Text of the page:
I have based this finding on: (i) evidence showing that the Respondent received the 2006/2007 Top Choice Award for “Home Improvement Company of the Year”; (ii) photographs which show prominent use of the Word and Design Marks on the Respondent’s mobile showroom, its fleet of trucks and trailers, its booths, its banners and its promotional material at community events; and (iii) the Respondent’s two English language television commercials which show the Son associated with the Respondent. I have also relied on thirty testimonials from clients and others showing that the public associates the Word and Design Marks with the products and services of the Son and his company, Miranda Windows & Doors Inc.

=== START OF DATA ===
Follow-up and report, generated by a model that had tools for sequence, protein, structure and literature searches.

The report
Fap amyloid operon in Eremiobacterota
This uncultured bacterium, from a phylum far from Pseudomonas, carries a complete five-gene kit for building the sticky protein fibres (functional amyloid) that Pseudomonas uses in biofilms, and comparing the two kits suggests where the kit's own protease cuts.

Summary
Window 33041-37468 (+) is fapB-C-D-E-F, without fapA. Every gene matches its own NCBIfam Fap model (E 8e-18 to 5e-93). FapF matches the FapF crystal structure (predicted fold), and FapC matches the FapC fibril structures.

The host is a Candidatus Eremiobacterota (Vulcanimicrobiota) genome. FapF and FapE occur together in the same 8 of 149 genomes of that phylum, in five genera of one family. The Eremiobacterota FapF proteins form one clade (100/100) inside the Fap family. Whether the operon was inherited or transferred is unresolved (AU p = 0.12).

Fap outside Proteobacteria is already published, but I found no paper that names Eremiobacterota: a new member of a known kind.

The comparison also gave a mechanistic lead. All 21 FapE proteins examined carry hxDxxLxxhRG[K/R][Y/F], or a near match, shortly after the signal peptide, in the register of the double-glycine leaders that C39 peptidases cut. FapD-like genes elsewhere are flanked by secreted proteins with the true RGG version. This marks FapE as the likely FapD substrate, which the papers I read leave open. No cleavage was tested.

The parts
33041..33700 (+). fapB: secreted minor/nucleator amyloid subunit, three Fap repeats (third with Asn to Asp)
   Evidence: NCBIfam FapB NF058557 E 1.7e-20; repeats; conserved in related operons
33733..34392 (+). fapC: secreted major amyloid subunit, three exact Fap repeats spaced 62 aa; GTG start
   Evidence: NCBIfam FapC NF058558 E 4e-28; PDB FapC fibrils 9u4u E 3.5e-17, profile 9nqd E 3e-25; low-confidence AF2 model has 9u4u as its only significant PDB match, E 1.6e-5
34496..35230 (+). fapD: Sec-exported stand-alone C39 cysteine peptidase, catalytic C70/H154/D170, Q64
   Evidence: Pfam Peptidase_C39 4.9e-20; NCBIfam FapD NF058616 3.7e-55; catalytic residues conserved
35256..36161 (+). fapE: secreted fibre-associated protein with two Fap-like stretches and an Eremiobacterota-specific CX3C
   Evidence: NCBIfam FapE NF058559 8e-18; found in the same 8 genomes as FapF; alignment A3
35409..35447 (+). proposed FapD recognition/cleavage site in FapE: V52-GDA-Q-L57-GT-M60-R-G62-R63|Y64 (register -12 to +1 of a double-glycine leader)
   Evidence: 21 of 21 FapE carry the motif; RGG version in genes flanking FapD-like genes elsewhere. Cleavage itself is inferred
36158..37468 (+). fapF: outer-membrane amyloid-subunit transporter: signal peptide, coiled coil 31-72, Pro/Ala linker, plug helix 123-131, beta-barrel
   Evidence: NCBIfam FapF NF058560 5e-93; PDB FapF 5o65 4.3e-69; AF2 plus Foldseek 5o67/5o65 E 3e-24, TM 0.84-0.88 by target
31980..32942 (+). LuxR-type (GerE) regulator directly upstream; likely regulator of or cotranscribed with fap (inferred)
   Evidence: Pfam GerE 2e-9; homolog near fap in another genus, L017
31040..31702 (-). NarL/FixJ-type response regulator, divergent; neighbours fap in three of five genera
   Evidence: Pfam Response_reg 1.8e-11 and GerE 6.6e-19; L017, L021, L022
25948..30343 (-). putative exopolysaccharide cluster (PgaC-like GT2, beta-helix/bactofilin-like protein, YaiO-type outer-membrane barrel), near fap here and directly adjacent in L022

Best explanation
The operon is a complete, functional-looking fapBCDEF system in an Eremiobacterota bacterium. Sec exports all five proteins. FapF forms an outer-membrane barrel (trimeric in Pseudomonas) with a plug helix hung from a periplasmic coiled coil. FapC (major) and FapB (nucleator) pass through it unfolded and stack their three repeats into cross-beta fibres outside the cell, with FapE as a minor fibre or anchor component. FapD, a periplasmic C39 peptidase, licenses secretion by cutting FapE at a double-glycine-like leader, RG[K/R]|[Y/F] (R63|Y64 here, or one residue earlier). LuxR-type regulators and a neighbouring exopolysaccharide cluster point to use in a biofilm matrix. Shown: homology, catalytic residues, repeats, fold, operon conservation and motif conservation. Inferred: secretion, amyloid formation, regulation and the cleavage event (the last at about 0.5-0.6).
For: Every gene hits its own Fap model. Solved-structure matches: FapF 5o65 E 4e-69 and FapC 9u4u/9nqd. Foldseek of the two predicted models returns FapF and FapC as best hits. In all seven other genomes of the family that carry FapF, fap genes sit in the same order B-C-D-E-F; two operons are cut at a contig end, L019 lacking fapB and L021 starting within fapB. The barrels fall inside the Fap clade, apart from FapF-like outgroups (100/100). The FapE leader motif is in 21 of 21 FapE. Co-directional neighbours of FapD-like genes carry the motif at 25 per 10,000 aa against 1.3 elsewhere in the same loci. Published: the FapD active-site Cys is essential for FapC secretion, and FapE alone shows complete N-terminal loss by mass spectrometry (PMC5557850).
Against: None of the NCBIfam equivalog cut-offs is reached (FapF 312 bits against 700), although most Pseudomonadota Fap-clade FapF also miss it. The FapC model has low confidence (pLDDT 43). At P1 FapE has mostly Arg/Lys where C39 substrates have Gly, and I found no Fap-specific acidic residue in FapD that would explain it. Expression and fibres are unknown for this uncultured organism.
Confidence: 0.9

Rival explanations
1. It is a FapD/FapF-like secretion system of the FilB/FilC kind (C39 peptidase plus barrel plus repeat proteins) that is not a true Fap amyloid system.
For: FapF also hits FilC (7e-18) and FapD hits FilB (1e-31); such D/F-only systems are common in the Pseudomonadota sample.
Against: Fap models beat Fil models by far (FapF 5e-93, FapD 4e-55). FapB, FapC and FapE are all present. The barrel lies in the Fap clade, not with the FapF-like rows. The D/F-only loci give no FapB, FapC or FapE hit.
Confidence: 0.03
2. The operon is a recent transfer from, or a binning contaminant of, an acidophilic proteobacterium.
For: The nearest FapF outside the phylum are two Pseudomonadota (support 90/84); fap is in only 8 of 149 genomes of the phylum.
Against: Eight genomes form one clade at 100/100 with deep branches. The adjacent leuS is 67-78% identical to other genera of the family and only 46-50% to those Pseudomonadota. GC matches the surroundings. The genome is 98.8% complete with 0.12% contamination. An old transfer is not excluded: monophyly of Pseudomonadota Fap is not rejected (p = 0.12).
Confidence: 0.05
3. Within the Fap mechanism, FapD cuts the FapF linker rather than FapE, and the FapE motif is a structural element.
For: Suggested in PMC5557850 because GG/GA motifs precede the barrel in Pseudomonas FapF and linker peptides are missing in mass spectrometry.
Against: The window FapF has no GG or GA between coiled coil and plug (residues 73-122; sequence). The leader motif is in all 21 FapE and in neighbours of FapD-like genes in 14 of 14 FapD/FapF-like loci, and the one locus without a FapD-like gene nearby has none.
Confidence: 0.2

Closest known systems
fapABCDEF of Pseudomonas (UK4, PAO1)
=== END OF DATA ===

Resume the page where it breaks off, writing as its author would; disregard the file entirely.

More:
The Design Mark
 The Design Mark is not disqualified under paragraph 12(1)(a) of the Act because, in my view, the outline of the house with the chimney on the roof is sufficient to support a finding that the Design Mark is not primarily merely a surname. In any event, the evidence cited above also supports a finding of “acquired distinctiveness” for the Design Mark as of the date of filing the trademark applications.
Issue 2 Was the Father the Prior User of a Confusing Mark?
 The Father says that, the Son’s first company, TMR, lost its ownership of its Word and Design Marks in 2004 when it was dissolved. I agree that, pursuant to section 244 of the OBCA, the common law Word and Design Marks were forfeited to and vested in the Crown on the dissolution of TMR in June of 2004. The Father says that, at this date, he became the prior user under the Act based on his use since 1976.
 Subsection 17(1) of the Act reads as follows: